Foreign-Policy Blowback Comes Later
// / Jacob G. Hornberger

Foreign-Policy Blowback Comes Later
by Jacob G. Hornberger

Supporters of the U.S. occupation of Afghanistan cite the U.S. occupation of Iraq to buttress their case for staying in Afghanistan. “The surge! The surge!” they cry, reminding people that increasing the level of U.S. troops in Iraq has brought stability, peace, and freedom to that country, enabling the U.S. government to rebuild the nation into a shining beacon of democracy and prosperity for the world.

Oftentimes, however, it takes a long time for the adverse consequences of U.S. imperialism and interventionism to manifest themselves.

Consider, for example, the 1953 coup in which the U.S. government, operating through the CIA, ousted the democratically elected prime minister of Iran and replaced him with a U.S.-approved puppet, the Shah of Iran, who proceeded to terrorize and torture his own people for some 25 years, with the support of the U.S. government.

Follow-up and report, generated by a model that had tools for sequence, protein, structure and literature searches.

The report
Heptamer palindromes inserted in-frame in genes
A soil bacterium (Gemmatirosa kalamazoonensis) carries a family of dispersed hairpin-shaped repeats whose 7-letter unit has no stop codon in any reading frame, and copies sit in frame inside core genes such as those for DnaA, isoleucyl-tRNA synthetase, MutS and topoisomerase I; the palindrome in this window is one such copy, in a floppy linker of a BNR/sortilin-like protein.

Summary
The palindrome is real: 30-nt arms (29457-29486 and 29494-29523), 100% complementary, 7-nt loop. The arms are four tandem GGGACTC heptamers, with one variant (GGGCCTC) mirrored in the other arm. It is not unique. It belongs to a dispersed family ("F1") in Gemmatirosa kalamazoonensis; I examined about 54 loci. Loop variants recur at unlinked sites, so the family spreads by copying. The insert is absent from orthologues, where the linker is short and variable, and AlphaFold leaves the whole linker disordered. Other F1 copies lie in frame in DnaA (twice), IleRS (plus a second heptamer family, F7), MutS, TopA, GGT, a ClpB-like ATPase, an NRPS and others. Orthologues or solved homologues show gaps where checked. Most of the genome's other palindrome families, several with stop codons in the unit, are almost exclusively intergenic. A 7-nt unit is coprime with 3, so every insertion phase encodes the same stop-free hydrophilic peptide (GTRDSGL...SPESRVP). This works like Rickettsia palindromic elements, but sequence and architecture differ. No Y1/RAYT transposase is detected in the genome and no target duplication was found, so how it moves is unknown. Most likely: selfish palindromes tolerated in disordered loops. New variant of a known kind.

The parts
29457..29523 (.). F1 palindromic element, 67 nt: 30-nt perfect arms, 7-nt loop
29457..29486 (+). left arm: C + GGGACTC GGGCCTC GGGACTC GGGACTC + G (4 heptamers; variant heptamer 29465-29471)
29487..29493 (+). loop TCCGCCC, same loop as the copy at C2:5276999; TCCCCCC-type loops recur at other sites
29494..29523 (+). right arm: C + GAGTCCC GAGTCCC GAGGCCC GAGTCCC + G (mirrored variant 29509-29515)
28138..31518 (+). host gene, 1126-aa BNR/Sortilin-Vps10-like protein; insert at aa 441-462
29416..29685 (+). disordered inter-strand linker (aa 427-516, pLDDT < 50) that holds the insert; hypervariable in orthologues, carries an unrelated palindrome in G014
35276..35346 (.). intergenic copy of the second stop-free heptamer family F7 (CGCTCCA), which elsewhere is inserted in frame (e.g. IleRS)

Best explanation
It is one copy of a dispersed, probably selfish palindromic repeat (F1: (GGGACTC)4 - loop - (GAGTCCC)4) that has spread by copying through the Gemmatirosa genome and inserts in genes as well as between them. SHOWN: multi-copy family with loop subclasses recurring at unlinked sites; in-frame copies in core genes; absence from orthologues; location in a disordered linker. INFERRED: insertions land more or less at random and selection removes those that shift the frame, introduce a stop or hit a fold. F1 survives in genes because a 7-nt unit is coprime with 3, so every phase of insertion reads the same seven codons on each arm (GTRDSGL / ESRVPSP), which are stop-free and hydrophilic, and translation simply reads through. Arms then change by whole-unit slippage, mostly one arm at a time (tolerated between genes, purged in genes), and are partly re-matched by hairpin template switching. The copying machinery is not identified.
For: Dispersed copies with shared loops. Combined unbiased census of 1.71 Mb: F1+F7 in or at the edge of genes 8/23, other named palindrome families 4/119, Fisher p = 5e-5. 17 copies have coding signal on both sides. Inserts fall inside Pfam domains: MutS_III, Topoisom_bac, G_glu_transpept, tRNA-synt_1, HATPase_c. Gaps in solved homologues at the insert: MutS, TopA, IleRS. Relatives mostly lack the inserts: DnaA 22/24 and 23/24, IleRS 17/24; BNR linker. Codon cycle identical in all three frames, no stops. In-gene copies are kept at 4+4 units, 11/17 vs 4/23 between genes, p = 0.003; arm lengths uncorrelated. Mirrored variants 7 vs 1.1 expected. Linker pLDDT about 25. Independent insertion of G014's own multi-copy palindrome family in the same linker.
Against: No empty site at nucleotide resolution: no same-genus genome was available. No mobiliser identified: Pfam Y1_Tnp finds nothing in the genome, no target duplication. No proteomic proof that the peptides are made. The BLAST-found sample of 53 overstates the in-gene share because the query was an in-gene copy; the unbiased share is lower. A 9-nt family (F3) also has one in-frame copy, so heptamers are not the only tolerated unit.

By the time the Iranian people revolted against the Shah’s brutal regime in 1979, they had discovered the CIA’s role in the 1953 coup. In anger and outrage, they took U.S. diplomats hostage. By that time many, however, many Americans had forgotten about what the CIA had done or had never learned about it and, therefore, had no idea that the Iranian hostage-taking was “blowback” for what the CIA had done 25 years earlier.

Yet, keep in mind that in 1953 U.S. officials were celebrating their ... >>>

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